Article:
Comparing and Contrasting "Barn Burning" and "A Rose for Emily"

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Hunter Taylor Dr. William Bedford English 1102-011 10 September 2013 Comparing and Contrasting “A Rose for Emily” and “Barn Burning” In William Faulkner’s short stories “A Rose for Emily” and “Barn Burning” the characters are both guilty of committing terrible crimes. However, Miss Emily in “A Rose for Emily” and Abner Snopes in “Barn Burning” are both portrayed very differently from each other. A few things to consider while reading these short stories is how each of these characters is characterized, how the author generates sympathy for these characters, and the order in which the events in these stories occur. The way Faulkner characterizes Miss Emily and Abner Snopes throughout these stories is very different. In “A Rose for…show more content…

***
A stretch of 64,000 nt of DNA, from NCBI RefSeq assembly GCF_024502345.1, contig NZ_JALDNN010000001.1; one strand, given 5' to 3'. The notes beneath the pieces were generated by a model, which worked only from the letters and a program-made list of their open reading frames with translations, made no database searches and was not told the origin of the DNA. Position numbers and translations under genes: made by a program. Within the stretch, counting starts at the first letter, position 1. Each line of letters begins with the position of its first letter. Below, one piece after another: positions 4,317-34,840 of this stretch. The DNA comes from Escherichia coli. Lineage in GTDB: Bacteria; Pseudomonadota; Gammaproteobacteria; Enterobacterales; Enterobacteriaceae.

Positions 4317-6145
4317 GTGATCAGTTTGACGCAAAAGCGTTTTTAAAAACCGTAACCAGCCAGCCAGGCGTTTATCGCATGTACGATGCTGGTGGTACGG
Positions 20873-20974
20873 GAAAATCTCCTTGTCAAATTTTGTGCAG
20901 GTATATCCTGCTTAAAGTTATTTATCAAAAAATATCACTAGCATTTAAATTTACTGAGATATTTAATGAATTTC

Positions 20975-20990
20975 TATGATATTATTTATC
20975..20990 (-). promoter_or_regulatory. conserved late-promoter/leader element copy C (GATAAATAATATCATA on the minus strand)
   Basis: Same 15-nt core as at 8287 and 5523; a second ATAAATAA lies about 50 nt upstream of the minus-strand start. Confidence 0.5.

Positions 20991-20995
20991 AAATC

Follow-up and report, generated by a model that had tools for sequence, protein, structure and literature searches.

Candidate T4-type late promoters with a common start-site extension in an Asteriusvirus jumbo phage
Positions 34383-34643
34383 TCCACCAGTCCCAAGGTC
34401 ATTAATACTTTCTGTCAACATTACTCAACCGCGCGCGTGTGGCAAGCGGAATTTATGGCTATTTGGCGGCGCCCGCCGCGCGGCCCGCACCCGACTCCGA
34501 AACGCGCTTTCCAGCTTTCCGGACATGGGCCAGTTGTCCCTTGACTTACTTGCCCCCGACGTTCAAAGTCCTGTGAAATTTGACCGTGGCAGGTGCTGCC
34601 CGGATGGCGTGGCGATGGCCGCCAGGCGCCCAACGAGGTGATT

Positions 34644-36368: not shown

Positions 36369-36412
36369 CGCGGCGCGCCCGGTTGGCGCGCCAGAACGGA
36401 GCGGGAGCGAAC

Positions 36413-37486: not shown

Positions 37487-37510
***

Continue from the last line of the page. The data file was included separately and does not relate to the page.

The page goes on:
He shows no remorse for any of his actions throughout the story, and he also fails to take the way any of his family members feel about his actions into consideration. A good example of this is when Abner’s wife is begging him not to burn Major de Spain’s barn down. Instead of taking her plea into consideration, Abner “shifted the lamp to the other hand and flung her back, not savagely or viciously, just hard, into the wall. . .” (Burning 361). It’s also important to note that Faulkner included that when Abner threw his wife into the wall he didn’t do it “savagely or viciously.” This shows Abner’s lack of emotion behind his actions. The way Faulkner generates sympathy in these stories and how he directs it at the characters varies as well. In “A Rose for Emily” it’s easy for a feeling of sympathy to arise in the reader. The whole story is built upon generating a feeling of sympathy so you can understand why the townsfolk felt the way they did when they discovered that Miss Emily was sleeping with the dead body of her ex boyfriend for roughly forty years. When Faulkner describes how the townspeople felt about a situation, it’s almost as if he’s dictating how the reader should feel about it. One example of this is when the smell finally subsides from Miss Emily’s house, Faulkner states that “That was when people had begun to feel really sorry for her” (Emily 81). Another example of this is when Miss

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